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Small tea growers in north Bengal prepare to set up own processing units

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Kolkata: Complaining about the abnormally low price for their yields, small tea growers in north Bengal’s Terai and Dooars area are now seeking help from the union government to set up their own processing units to reduce their dependency on estate and bought leaf factories (BLFs) in the region.

Small tea growers (STGs) – who sell their green plucked leaves to these processing factories – alleged that the payment from the bought tea leaf factories for their produce is much too low. The BLFs do not own any gardens but buy the green plucked leaves from the small tea growers, process them and sell it to packers and blenders.

“While the production cost in north Bengal is as high as Rs. 12.78 per kg, we only get Rs. 5-7 per kg on selling to the BLFs. We cannot sell tea in the auctions, as a result of which we are not able to know how much our teas actually fetch in the markets,” Bijoygopal Chakraborty, president of the Confederation of Indian Small Tea Growers Association (CISTA), told IANS.

According to a majority of the small tea planters, self-owned micro-small garden factories will help reduce their dependency on the BLFs and hence improve their revenues and profitability.

He alleged the 137 BLFs in the region are forcefully enforcing their own quality standards, disregarding the norms of the Tea Board, which is resulting in the STGs getting low incomes.

Sanjay Dhanuti, president of the North Bengal Tea Producers Association – comprising the BLFs – said the prices are dependent on the quality of leaves, which varies across gardens and flush seasons.

“If the stock has 20 percent count of good quality green leaves, it can fetch between Rs. 10.5-12 per kg while a 35 percent fine count can fetch Rs. 13 per kg. However, for produce which is of low quality, it goes around the market, for as low as Rs. 7 per kg and nobody is willing to buy it”, Dhanuti told IANS.

This problem, however, does not persist for the small tea growers in Darjeeling, who get a fair price for their yield, selling the leaves at Rs.35 to Rs.40 a kg to the BLFs.

The STG association has written to union Commerce and Industry Minister Nirmala Sitharaman, highlighting their concerns.

“There is a lack of transparency in terms of how the BLFs and the estate factories sell the made tea and the price at which they sell it. The price of tea fluctuates so much that during the peak season time it reduces to Rs.3-Rs.5 a kg”, the letter said.

Chakraborty said lack of their own processing units, remote location of the small-scale gardens and the perishable nature of the green leaves are the primary reasons for their woes.

While the government has already sanctioned a 25 percent subsidy to set up micro-small processing units for the STG’s gardens, the industry body has asked the minister to step up the monitoring process by the Tea Board while procuring or buying the processing machines, besides expressing other concerns.

“There are nearly 52 companies which have mushroomed to sell their machinery to the micro-small processing units despite having no credentials to produce good quality machines. The Tea Board need to check their quality and durability before disbursing any subsidy,” Chakraborty said.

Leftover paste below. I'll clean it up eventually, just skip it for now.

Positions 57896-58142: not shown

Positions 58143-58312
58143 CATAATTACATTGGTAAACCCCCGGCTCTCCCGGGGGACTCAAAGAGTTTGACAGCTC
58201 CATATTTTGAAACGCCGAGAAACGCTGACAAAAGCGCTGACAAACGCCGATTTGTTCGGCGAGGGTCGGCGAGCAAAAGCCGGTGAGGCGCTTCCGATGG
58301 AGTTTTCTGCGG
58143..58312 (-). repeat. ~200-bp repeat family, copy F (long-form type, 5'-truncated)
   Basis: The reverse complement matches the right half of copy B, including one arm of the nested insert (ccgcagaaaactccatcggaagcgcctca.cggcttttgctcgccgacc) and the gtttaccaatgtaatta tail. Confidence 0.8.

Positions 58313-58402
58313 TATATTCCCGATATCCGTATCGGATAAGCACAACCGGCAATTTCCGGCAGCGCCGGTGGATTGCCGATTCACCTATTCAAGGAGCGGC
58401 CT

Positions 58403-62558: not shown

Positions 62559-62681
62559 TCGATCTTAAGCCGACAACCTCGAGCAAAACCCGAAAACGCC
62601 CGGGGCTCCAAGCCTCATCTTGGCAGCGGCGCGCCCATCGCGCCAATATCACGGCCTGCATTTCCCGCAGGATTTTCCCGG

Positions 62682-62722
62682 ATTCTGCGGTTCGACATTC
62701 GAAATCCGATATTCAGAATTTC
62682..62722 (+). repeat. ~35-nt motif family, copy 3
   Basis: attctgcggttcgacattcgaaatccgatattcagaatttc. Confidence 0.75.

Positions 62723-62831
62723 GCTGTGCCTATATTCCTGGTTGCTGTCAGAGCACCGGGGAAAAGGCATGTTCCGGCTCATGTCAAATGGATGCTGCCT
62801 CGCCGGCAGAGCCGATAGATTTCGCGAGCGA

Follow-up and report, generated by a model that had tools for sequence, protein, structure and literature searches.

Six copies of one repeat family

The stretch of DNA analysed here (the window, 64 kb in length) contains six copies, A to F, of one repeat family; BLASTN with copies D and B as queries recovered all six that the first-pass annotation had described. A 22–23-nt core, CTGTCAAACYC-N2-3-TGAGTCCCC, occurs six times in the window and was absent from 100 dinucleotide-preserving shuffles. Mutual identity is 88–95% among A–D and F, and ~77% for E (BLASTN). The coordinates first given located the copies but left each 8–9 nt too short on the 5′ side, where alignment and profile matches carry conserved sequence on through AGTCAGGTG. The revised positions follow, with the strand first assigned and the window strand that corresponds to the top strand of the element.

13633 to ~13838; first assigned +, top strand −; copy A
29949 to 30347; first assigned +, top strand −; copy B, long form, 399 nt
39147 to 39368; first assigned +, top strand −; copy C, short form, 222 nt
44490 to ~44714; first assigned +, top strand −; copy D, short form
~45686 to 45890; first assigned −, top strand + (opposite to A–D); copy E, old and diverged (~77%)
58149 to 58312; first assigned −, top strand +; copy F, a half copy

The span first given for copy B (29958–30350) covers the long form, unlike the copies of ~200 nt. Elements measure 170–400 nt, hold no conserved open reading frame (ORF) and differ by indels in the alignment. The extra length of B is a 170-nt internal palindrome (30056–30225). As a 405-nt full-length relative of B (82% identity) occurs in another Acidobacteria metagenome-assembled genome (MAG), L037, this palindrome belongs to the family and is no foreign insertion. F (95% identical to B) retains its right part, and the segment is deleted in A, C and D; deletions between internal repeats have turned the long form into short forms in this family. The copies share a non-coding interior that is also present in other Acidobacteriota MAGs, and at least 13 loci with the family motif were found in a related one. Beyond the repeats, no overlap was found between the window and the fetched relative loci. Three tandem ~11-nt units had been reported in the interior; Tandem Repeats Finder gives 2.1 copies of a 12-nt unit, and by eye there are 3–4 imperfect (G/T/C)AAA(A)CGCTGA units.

The ministry had allocated Rs.200 crore ($30 million) during the 12th Five-Year Plan (2012-17) for the development of the country’s small tea planters. The small tea growers are however wary about the machinery subsidy reaching the BLFs or gardens.

“The first priority for the subsidy needs to be the collectives set-up by STGs and the proposed factories need to be given only to the actual small tea planter who has the capacity to process his own yield,” Chakraborty said.

Tea growers in the region said ensuring this will not replicate the existing scenario between the STGs and BLFs.

According to CISTA, in case the factories are allotted to planters who do not have sufficient cultivable area or yield, the planter in the long run may himself become another BLF which may further jeopardize the trade.

The Tea Board has also taken steps to secure the interests of small tea growers.

“We have introduced the minimum benchmark price which defines the minimum price payable to the STGs for green leaf purchase. This varies across regions and violation of the prescribed price may eventually result in cancellation of a factory’s license,” Chandra Shekhar Mitra, deputy director of tea development at the Tea Board, told IANS.

To promote tea output, the Tea Board has also abolished the compulsory notarised declaration on cultivation practices, standards and management of personnel from tea gardens to avail of the subsidies and replaced this with self-attested declarations.

(Avishek Rakshit, IANS)

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Asia Cup : India Emerge Champions for third time, Beat Malaysia in Asia Cup Hockey Championship

India emerged victorious for the third time

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(representational Image) India vs Malaysia Hockey Match wikimedia

Dhaka, October 22, 2017 : India overcame Malaysia 2-1 in the final on Sunday to win the Asia Cup hockey championship for the third time.

Ramandeep Singh (3rd minute) and Lalit Upadhyay (29th) scored for India. Shahril Saabah (50th minute) scored the reducer for Malaysia. (IANS)

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India Demands Data on UN Staff Misconduct, Use of Immunity

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India has demanded the secretariat disclose information about misconduct by UN staff. Flickr